Sort-of related post:
But Kennedy said the Act could stand “when medical uncertainty persists…The Court has given state and federal legislatures wide discretion to pass legislation in areas where there is medical and scientific uncertainty.” Quoting from a 1974 ruling (Marshall v. U.S.), the opinion said that “When Congress undertakes to act in areas fraught with medical and scientific uncertainties, legislative options must be especially broad.”
If there were a broad consensus that a procedure was medically unnecessary and dangerous, legislation would be appropriate to regulate those who went against the consensus — not to prohibit, as prohibition fails to dissuade and creates unregulable harms — but to place controls and supervision, to fully inform people of the risks and to establish liability.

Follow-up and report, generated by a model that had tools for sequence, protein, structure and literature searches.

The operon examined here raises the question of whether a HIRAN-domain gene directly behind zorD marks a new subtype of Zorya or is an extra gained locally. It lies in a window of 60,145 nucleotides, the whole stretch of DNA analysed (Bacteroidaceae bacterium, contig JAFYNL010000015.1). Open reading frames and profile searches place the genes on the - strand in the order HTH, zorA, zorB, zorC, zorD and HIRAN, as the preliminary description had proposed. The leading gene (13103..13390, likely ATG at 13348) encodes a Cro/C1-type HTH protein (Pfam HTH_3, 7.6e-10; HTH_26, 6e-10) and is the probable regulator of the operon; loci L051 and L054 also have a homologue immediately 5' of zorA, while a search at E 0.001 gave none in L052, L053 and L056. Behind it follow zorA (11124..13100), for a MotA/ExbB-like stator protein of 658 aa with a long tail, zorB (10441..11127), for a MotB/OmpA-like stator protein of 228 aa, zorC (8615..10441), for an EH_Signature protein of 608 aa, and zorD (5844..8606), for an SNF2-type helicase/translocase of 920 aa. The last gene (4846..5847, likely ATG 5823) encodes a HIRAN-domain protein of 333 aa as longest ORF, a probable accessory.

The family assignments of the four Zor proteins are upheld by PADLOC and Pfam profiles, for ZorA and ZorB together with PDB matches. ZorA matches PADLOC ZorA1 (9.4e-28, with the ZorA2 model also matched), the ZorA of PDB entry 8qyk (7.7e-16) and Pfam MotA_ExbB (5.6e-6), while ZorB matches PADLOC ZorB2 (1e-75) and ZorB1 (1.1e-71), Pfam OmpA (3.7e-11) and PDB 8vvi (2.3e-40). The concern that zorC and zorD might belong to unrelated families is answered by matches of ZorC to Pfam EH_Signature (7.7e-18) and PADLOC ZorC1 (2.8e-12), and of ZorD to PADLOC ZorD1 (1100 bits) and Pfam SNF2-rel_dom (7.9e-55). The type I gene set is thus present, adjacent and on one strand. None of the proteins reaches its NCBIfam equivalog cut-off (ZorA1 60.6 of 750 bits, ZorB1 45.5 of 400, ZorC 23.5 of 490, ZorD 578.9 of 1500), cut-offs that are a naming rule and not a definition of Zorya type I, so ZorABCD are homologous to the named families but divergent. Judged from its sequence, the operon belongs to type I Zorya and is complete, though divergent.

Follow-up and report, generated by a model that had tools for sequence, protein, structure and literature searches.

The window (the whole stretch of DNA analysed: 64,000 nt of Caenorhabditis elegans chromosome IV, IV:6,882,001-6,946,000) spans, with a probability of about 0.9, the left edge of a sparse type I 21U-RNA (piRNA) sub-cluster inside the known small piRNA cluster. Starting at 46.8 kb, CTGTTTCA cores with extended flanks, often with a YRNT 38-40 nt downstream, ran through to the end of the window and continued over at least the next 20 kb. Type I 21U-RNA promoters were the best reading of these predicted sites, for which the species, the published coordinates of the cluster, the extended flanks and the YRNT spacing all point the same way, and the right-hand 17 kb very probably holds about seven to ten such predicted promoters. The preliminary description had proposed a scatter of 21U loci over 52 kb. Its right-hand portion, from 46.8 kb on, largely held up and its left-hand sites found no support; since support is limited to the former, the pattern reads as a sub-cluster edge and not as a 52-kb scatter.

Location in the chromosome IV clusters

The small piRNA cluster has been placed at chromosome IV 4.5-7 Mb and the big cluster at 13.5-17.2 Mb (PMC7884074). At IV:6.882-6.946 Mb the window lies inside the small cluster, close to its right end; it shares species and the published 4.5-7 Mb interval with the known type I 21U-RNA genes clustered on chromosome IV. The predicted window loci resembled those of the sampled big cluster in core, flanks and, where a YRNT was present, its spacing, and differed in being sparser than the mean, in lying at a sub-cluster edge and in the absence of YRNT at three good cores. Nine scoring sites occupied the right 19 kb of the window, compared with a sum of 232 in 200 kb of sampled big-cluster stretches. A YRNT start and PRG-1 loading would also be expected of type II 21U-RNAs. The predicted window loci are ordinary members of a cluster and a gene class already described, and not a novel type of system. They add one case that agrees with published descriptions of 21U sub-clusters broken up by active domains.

But in the absence of such consensus, “in areas where there is medical and scientific uncertainty,” legislation is least appropriate, and most likely to be injurious of fundamental rights. This is the time when we should be studying the issue and learning enough about it to form a consensus, not to prematurely inflict a viewpoint that is widely contested.
The court has misruled.
If we had known, if we had only known — how to speak to one another.
Holocaust survivor, killed while saving lives of Virginia Tech students.
Hat-tip Rob at My Left Wing.